17. I turned off the sidebar plugin. Did that help address the issue?
  18. I suspect this is because I turned on the donation box shell temporarily, but I would take a look and see. On my mobile phone it works, but doens't show the donation box.
  19. For the last day or two, when I visit the site on a mobile browser, it looks like this, while the title displayed is "A configuration or server error has occured". I've tried it on both Firefox and Chrome on Android. Only the forum itself seems to be affected; the other pages (top 25 and top 100) display normally.
  20. If you'll all forgive a brief note on the film's box-office performance, it turns out the movie dropped only 41.9% in its second weekend, which is very good for a comic-book/superhero movie. So it seems word-of-mouth and repeat viewing are keeping this film afloat beyond the pre-release controversy. These are two tweets from a longer thread on the subject, when the people that estimate these things were estimating that Joker would drop 42.8%. N.B.: The second tweet has the qualifier "this century" because some of the Superman and Batman movies released in the 20th century -- particularly in the '70s and '80s -- had smaller second-weekend drops, but distribution patterns and moviegoing habits were very different back then. Blockbusters tended to have longer "legs" than they do now, etc., etc.
  21. I wrote capsule reviews of Adam and Young Ahmed and then... a couple days later, on my birthday, I got violently ill and didn't return to the festival for a couple days, by which point I had lost some of my momentum, such that I never quite found time to do a proper sit-down-and-write between movies. I did tweet some stuff, though. It didn't help that I just couldn't stop falling asleep for a few minutes here and there, especially at the late-night screenings -- and for some reason a *lot* of the movies I wanted to see were showing only once, and the screenings in question were late at night. So I didn't really feel that I was in a position to comment on those films. *Usually*, if I nodded off, it was for a few minutes during the first half of the movie, so I was able to "recover" and find my bearings and settle in for the second half well enough -- but there were a few cases, like Motherless Brooklyn, where the entire final half-hour (and possibly more?) was ruined by the fact that I kept fighting the urge to nod off, and losing. The fact that I had two-hour commutes home every night, and often didn't get home until 1:30am or 2am on the nights that I *did* catch the late shows, was also an impediment, and eventually, by the end of the festival, I was just skipping the late-night screenings altogether. A few tweets, though, if I may: Some of those tweets have follow-up tweets. Check 'em out if you're interested.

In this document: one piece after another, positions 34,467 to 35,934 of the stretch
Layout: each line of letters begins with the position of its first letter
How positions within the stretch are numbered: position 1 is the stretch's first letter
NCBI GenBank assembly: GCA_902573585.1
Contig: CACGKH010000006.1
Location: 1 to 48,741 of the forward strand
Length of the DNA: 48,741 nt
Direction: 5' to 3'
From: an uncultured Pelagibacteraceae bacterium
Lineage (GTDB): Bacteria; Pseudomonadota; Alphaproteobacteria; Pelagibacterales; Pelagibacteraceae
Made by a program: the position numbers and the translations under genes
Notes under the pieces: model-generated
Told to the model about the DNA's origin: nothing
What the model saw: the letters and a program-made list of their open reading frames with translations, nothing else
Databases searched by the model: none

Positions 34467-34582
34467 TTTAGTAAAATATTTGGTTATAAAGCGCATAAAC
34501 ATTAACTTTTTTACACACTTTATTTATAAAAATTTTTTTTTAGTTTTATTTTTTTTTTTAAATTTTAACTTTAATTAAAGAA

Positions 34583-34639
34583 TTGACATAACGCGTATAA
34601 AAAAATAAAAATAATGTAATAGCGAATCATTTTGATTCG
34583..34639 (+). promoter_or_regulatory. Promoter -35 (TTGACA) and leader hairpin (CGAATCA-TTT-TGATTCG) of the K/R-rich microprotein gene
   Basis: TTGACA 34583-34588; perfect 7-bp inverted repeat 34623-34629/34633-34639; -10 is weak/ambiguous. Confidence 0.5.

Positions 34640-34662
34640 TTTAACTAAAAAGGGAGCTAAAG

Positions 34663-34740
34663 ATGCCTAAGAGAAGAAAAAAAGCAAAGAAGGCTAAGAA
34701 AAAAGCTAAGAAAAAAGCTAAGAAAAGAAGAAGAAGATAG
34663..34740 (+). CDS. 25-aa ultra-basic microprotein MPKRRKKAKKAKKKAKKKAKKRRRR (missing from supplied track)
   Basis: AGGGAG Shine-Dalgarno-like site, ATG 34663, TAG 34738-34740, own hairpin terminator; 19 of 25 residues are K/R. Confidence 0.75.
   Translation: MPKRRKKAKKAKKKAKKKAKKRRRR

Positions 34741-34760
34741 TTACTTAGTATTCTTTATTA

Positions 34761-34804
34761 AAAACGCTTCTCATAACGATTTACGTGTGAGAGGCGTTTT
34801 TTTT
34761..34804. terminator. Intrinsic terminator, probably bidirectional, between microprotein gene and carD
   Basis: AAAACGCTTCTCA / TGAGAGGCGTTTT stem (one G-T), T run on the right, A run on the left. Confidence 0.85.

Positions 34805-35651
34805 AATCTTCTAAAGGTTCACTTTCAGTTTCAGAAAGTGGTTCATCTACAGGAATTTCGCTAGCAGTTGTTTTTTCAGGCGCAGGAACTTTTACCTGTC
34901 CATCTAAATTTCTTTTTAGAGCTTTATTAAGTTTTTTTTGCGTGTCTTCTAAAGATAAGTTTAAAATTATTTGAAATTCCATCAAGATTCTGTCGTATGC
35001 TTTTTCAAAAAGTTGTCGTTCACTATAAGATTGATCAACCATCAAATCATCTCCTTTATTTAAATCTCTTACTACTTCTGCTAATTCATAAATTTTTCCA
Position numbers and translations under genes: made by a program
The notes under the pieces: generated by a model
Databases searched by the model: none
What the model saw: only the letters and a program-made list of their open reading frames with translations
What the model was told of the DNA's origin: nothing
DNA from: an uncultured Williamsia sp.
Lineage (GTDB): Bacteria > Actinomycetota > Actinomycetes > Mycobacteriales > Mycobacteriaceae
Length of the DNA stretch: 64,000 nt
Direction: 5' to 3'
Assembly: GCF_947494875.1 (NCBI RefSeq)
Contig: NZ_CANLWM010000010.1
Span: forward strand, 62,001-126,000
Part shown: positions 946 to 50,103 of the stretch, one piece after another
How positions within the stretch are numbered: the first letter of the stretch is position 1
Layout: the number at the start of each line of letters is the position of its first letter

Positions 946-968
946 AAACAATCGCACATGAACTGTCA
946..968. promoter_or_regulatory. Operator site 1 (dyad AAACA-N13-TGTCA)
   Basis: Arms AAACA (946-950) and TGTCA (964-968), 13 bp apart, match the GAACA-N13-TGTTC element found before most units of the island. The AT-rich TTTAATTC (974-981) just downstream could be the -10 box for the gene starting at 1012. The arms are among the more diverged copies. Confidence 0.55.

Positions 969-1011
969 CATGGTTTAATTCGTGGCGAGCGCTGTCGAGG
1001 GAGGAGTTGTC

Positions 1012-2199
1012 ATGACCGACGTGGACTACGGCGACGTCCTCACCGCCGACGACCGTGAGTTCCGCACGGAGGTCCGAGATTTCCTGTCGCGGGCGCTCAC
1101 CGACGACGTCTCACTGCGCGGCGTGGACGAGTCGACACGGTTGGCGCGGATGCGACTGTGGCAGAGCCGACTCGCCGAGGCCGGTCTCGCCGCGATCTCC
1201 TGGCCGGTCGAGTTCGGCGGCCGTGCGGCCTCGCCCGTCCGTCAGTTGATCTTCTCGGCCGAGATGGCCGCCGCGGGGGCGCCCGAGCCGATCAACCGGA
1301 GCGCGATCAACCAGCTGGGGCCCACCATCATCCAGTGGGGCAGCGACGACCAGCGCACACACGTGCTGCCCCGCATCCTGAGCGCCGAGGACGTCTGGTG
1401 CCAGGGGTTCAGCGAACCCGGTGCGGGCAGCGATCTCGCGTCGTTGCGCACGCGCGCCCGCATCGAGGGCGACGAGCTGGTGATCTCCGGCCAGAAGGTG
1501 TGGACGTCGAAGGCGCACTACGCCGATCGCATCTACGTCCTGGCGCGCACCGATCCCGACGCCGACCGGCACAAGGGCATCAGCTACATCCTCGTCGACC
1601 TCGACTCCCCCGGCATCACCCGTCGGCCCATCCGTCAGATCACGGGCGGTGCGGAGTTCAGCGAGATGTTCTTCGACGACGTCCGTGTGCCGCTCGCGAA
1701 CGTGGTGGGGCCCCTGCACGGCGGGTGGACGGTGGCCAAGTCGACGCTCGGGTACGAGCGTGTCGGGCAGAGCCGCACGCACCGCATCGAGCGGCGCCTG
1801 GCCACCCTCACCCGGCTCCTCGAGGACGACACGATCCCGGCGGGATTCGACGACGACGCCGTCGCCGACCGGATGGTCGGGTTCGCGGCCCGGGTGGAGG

22. Also, when did the director of Sense & Sensibility and Brokeback Mountain suddenly become an envelope-pushing evangelist for high-tech filmmaking and theatrical exhibition a la Lucas and Cameron?
  23. This was the first movie I saw in the 3D High Frame Rate format since 2012's The Hobbit: An Unexpected Journey, and... I still don't like the format. Looks too much like video. Looks cheap. (It even *sounded* like video, to me, like they were using the mic on the home-movie camera or something -- or is that just my brain tweaking the way I hear the sound because I associate that kind of sound with this kind of imagery!?) All that being said, the digital "mask" they created for Young Will Smith was pretty convincing, at least.
  24. Earlier
  25. Yep...it's easy to say I'd ask for a lower key desk job, but the excitement of a gig like his would be so intoxicating.
  26. McCallany is giving my favorite performance of the show. I 100% about the authenticity of the role (he reminds me of some of my friends' parents), and some of the choices Tench makes in the second season in regards to his family are simultaneously understandable and heartbreaking (like, I don't think I would know what to do with his situation if I were in his shoes).
  1. Load more activity
×
×
  • Create New...